• In one or more embodiments, the first barrier configuration 500 may comprise a first barrier pattern to be displayed on the barrier display 321 while the second barrier configuration 501 comprises a second barrier pattern to be displayed on the barrier display 321 with respect to the first barrier configuration 500. In one or more embodiments, the second barrier pattern may be an inverse of the first barrier pattern. For example, if the first barrier configuration 500 is a checkerboard pattern, then the second barrier configuration 501 may be an inverse checkerboard pattern. To this end, a square represented in the barrier display 321 oscillates between opacity and transparency according to a clock frequency. By using a dynamic pattern that oscillates between a first barrier configuration 500 and a second barrier configuration 501, in some embodiments the image received by the retina 111 is made up of two separated images rather than a single blended image, thereby providing the eye with an image that has an improved resolution.
  • In the first barrier configuration 500, the barrier display 321 permits portions of the first vision corrected object 506 to reach the viewer's retina 111 while blocking portions of the second vision corrected object 511 from reaching the viewer's retina 111. At another point time, the barrier display 321 is configured to the second barrier configuration 501 to permit portions of the second vision corrected object 511 to reach the viewer's retina 111 while blocking portions of the first vision corrected object 506 from reaching the viewer's retina 111. In one or more embodiments, by switching the configuration of the barrier display 321 back and forth between the first barrier configuration 500 and the second barrier configuration 501, the viewer perceives two separated images that correspond to the first vision corrected object 506 and the second vision corrected object 511, respectively.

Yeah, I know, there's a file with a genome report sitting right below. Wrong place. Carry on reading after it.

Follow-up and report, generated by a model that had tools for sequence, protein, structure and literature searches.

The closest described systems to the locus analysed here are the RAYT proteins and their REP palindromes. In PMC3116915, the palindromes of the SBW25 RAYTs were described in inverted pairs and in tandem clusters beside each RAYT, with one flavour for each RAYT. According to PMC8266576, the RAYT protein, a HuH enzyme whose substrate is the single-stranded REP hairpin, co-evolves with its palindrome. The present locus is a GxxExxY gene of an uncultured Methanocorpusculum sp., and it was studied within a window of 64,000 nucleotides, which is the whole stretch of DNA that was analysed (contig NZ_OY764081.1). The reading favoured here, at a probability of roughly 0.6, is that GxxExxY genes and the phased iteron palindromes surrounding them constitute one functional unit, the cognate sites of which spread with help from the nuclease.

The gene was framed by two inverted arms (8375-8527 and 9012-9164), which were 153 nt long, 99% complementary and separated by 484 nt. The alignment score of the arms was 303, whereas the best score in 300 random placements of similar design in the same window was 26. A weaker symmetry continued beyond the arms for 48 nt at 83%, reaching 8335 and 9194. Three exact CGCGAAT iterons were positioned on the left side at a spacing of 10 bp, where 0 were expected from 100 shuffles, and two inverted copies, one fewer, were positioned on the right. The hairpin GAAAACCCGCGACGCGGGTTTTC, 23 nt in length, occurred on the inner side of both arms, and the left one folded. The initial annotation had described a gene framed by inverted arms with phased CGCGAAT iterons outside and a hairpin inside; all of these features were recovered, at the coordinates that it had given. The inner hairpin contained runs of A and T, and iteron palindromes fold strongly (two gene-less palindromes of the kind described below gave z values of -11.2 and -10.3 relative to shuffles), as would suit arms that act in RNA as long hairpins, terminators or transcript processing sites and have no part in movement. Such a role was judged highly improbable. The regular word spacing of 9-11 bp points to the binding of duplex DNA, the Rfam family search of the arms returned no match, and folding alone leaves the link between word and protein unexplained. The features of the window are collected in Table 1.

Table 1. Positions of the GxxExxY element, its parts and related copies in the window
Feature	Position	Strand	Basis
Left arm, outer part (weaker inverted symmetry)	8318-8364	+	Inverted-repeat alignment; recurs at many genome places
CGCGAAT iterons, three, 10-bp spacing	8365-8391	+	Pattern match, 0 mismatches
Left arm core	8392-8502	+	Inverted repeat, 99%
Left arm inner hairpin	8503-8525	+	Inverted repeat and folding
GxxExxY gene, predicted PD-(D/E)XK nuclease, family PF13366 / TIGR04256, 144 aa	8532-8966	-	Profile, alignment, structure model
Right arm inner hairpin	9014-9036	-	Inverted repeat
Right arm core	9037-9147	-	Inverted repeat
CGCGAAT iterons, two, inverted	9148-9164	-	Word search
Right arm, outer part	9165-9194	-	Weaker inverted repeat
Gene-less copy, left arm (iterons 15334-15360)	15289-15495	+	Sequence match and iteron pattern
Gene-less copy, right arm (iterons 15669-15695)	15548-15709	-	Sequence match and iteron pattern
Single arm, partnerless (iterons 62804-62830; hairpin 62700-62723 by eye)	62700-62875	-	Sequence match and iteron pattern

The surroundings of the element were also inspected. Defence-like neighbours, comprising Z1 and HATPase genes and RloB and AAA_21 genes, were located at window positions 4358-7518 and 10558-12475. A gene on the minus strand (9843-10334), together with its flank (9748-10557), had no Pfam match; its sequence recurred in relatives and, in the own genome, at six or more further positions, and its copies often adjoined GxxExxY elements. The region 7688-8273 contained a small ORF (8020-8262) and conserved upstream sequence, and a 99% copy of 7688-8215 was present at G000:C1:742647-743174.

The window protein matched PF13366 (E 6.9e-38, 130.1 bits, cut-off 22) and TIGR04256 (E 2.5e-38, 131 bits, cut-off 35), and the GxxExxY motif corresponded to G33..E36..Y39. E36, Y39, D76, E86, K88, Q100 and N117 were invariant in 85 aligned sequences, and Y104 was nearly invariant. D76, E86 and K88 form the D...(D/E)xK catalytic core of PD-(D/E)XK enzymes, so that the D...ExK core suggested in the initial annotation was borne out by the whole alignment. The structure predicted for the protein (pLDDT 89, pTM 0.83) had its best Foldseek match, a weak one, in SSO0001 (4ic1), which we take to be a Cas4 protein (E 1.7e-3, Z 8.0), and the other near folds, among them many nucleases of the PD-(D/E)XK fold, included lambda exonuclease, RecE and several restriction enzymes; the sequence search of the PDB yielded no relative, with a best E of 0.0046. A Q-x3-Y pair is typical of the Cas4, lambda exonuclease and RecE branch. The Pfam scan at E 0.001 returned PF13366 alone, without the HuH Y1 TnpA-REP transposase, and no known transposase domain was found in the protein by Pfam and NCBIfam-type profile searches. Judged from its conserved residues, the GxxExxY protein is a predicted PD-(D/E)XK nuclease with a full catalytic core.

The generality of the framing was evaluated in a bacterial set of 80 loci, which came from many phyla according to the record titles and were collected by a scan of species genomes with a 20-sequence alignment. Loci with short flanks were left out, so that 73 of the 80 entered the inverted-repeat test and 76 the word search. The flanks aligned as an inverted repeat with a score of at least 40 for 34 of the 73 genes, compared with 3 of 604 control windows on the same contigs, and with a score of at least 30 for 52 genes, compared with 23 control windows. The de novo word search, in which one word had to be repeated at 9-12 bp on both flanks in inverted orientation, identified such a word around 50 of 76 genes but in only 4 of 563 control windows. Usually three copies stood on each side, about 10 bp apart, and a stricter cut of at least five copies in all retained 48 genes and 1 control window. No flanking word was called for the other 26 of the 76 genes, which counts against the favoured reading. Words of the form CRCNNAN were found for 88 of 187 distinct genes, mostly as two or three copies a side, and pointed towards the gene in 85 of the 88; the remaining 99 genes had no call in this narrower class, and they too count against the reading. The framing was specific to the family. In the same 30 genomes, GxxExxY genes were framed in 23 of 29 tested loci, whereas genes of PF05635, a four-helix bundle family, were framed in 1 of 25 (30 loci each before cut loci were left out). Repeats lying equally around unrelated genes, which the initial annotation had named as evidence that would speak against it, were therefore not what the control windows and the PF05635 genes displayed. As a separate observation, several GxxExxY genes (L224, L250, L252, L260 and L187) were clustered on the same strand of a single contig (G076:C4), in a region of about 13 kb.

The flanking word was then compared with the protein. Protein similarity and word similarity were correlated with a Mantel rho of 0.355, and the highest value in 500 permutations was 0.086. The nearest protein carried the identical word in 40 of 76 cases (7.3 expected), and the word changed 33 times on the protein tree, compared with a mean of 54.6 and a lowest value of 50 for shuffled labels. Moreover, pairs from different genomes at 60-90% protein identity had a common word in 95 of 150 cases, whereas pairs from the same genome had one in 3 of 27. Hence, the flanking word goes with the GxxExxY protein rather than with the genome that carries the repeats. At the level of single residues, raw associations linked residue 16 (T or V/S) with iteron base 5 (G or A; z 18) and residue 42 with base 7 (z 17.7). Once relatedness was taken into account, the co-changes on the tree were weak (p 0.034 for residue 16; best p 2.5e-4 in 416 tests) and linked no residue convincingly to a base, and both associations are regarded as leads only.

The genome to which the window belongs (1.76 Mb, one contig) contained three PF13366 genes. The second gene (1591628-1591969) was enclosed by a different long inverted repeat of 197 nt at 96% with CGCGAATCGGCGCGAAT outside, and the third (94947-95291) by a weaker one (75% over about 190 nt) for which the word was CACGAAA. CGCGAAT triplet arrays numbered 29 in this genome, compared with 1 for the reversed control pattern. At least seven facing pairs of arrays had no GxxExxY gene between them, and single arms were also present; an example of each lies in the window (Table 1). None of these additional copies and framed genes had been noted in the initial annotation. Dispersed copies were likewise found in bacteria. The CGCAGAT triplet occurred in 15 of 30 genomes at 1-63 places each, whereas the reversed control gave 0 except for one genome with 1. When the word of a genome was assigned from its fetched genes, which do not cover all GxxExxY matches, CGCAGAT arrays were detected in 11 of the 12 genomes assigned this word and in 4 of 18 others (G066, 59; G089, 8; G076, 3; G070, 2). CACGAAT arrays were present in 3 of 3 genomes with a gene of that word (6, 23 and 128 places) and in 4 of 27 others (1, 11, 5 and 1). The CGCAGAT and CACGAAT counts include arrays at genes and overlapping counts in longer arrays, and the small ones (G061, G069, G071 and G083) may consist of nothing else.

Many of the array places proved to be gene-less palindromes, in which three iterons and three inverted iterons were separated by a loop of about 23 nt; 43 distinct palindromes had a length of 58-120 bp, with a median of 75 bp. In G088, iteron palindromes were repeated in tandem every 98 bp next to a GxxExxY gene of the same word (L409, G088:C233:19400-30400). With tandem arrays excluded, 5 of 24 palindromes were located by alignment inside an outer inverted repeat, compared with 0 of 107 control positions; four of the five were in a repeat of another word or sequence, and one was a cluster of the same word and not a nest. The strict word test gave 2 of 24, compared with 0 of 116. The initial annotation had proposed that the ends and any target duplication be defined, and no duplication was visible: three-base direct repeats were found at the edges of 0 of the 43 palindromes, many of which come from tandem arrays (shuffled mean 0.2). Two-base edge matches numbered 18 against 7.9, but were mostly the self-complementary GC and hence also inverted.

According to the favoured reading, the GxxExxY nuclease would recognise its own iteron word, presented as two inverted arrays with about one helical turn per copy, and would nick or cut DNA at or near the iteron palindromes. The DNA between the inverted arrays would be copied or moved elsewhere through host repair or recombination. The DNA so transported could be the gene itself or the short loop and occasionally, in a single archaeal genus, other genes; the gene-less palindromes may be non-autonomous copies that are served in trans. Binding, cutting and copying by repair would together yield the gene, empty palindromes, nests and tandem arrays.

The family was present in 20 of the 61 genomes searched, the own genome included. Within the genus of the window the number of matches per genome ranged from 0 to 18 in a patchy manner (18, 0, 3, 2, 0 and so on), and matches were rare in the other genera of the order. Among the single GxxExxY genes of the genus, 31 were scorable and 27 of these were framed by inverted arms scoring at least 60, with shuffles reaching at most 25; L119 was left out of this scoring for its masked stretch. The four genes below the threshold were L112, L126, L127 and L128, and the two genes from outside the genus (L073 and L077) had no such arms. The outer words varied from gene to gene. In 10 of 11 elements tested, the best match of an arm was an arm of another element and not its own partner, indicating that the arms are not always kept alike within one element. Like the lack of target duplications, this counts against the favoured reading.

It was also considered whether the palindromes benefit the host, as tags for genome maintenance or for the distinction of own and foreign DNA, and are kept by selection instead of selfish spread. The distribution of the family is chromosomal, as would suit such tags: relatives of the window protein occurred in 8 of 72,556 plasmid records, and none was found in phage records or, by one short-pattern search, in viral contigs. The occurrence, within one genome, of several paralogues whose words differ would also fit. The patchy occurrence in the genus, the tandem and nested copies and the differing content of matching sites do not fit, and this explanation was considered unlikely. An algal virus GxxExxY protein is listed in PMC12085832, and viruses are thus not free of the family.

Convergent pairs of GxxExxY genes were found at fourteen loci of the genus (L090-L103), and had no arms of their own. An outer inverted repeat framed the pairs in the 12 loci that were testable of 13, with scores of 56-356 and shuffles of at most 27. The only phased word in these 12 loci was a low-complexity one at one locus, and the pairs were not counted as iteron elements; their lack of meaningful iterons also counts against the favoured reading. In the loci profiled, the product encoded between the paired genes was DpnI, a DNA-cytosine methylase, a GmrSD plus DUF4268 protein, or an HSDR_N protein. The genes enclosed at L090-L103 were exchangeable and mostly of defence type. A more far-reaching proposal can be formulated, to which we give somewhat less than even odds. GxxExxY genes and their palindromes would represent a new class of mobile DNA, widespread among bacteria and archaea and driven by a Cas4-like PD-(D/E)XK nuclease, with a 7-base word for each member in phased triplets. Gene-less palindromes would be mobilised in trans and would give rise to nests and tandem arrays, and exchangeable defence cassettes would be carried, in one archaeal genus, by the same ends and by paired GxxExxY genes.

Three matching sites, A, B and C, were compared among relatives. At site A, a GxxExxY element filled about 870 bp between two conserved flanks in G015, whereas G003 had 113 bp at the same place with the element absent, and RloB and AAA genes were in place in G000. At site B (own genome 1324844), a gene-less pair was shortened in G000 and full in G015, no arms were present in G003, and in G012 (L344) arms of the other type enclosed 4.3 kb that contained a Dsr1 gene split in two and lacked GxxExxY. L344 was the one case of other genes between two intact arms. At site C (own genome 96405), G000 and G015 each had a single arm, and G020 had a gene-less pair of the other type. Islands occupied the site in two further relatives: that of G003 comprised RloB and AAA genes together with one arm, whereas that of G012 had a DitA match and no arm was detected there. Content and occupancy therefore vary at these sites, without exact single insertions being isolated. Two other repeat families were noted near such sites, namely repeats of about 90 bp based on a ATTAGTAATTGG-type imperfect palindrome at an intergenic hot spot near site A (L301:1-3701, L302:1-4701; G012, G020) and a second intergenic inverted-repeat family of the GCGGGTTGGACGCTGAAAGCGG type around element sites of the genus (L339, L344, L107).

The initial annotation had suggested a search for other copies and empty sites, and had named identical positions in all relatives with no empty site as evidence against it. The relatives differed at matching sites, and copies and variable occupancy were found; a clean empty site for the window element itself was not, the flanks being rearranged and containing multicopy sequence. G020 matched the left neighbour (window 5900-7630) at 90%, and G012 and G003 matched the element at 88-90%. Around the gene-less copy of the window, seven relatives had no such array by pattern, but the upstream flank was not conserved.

• While various embodiments described herein describe first and second barrier configurations 500, 501 for ease of illustration of representative examples, it is understood that any number of barrier configurations may be variably generated in correspondence with the particular content being displayed on the rear display 318 at any given time.
  • Turning now to FIG. 9A, shown is a drawing of an example of an object 703 rendered on a rear display 318 of FIG. 5 before the object 703 is subjected to vision correction. The rear display 318 includes a matrix of rows (e.g., rows 0-5) and columns (e.g., columns A-K) that make up a matrix of display cells (e.g., A0, A1, A2 . . . K5, etc.). For example, each display cell may be a pixel in the rear display 318, where an object 703 may be rendered on the rear display 318 using any number of pixels. For a viewer without impaired vision, no vision correction is needed. Thus, the viewer accurately perceives the object in FIG. 9A as it is rendered on the rear display 318. The object 703 of the example of FIG. 9A is rendered using the pixels E1, E2, E3, F1, F2, and F3.